An amazing autumn for Rosa Biotech

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By Vilhelmiina Haavisto, SciTech Editor

It has been a fruitful past few months for Rosa Biotech – the bio-sensing company won both a prestigious prize and substantial investment money.

Rosa Biotech, a University of Bristol spin-out company incorporated earlier this year, recently clinched £760,000 in funding and won the Royal Society of Chemistry Emerging Technologies prize in the health category. ‘The team have been really stoked with our achievements,’ Rosa Biotech CEO Dr Andy Boyce told Epigram. ‘We are a small company with just four full-time employees, so everyone contributes and therefore everyone gets to enjoy the fruits of our successes.’

The company works in bio-sensing: the ability for machines to mimic the complex and versatile olfactory system that mammals, such as ourselves, use to smell. This approach is a departure from traditional biosensors that can only detect one kind of molecule, and is achieved through designing barrel-shaped proteins on a computer.

Example of the barrel-shaped proteins Image credit: Rosa Biotech

Rosa Biotech was established to refine the research of Professor Woolfson’s group from the School of Chemistry and Bristol BioDesign Institute, the University’s specialist research institute for synthetic biology. Their sensing platform has potential applications in fields such as medicine and biotechnology, where the detection of different chemicals is of major importance for daily tasks. Professor Woolfson explained that ‘by recording patterns for healthy and diseased samples, [the team] hopes to build sensors for early-stage diagnosis of disease.’

The barrel-shaped proteins change colour when exposed to substances such as ‘bodily fluids that may show signs of disease’, Professor Woolfson explained. The proteins are arranged into arrays and loaded with different dyes. The colour changes that occur in response to the sample that is tested create distinct patterns for different substances. These are in turn interpreted by machine learning algorithms to determine what the sample might be.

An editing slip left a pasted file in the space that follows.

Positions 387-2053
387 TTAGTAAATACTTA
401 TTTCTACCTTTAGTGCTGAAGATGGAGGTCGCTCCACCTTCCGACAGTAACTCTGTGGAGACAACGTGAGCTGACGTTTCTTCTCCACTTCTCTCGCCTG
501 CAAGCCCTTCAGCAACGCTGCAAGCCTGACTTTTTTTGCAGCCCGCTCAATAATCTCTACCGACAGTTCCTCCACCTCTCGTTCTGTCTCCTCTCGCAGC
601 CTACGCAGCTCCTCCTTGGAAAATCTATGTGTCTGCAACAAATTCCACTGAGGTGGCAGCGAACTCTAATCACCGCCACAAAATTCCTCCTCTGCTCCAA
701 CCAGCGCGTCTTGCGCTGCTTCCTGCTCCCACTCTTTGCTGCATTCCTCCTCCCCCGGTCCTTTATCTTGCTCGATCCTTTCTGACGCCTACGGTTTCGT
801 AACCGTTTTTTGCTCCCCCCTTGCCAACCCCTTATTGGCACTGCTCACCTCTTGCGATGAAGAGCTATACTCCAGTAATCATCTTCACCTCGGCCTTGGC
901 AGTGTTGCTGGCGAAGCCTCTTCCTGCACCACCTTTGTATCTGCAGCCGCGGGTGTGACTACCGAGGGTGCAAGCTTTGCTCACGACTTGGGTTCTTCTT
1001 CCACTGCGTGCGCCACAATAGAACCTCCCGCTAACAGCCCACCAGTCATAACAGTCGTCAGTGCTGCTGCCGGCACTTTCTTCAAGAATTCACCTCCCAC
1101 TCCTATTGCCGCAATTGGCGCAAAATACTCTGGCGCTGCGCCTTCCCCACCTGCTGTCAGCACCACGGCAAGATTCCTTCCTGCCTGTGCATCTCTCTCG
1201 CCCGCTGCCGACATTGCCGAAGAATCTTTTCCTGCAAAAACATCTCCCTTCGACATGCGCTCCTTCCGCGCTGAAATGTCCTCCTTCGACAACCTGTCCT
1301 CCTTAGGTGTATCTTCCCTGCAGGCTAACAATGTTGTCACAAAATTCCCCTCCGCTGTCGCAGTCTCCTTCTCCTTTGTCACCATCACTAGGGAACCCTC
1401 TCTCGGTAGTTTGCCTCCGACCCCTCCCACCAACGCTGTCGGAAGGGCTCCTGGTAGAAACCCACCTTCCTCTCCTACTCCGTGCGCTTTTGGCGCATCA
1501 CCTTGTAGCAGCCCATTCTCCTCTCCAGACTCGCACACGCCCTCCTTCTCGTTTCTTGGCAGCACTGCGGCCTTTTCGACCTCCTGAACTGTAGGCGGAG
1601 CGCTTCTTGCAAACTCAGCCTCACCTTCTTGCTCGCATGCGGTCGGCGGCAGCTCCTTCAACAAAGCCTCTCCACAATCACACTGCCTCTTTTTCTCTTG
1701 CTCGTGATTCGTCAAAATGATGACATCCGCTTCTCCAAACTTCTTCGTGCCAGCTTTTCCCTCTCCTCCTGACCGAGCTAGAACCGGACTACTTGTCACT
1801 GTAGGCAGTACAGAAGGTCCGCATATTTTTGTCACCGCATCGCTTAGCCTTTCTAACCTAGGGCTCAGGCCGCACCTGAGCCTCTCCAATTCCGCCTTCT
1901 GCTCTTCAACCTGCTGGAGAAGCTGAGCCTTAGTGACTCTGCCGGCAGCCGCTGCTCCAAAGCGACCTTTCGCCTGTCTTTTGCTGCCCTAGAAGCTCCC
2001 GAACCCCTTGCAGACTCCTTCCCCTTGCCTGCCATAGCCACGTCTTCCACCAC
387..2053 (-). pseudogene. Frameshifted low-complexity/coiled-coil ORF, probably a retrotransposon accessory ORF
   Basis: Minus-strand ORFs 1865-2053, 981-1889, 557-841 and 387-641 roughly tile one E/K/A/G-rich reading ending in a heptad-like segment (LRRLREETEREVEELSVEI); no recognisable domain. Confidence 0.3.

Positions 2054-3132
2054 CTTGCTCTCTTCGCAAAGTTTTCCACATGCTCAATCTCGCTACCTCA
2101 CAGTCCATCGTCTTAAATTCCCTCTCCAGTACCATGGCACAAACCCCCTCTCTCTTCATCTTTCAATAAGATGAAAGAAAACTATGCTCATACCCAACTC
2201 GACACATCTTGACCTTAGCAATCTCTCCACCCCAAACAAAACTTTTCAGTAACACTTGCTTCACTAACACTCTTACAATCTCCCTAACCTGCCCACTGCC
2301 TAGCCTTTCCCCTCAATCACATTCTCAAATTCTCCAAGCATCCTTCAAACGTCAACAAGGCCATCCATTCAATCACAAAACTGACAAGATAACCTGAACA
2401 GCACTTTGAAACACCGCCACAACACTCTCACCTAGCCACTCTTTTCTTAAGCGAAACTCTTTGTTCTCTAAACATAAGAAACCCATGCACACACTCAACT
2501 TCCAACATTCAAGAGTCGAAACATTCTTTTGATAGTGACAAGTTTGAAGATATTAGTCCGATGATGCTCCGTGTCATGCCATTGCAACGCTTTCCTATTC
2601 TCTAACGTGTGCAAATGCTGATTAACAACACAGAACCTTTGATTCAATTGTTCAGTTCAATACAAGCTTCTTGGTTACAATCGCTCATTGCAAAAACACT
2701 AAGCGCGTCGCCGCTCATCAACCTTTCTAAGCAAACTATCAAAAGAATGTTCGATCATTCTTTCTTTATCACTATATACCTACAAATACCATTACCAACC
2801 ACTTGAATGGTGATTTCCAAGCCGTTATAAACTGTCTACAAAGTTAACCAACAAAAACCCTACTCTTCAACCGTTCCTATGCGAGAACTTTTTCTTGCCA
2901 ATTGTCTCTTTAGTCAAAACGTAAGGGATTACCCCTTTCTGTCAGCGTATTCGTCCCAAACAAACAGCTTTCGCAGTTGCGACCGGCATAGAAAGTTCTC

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Dr Boyce noted that the technology is the result of ‘many years of blue-sky (curiosity-driven) research’ in the Woolfson lab. ‘Initially,’ he recounted, ‘they were just pushing the limits of what could be made by protein design.’ Professor Woolfson asserted that these custom-designed proteins are ‘much simpler, easier to make and easier to handle’ than the real proteins of the mammalian olfactory system.

Image credit: Rosa Biotech

The opportunity for the research efforts to go commercial came from a ‘serendipitous conversation’ between Professor Woolfson and a pharmaceutical company scientist, who had identified a particular sensing challenge that they had. Within two years, which Dr Boyce remarks is very rapid, the fully formed spin-out company was up and running.

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In light of these recent successes and looking ahead, Dr Boyce outlined Rosa Biotech’s main goals for 2020. These include continuing to improve their ‘core sensing technology’, as well as delivering on pilot industry projects and ‘honing in on specific diseases’ to demonstrate the technology’s potential for diagnostic use.

Rosa Biotech’s work drew the attention of local business angels – investors who provide capital for start-ups – including Bristol-based company Ziylo’s founders. This attention resulted in the team closing a £760,000 founding investment – one of the largest of any University of Bristol spin-out company. Rosa Biotech is based at the Unit DX biosciences hub near Temple Meads, where many other start-ups, including Ziylo which was famously sold to diabetes healthcare giant Novo Nordisk for $800 million in 2018, had their start.

Featured image: Rosa Biotech


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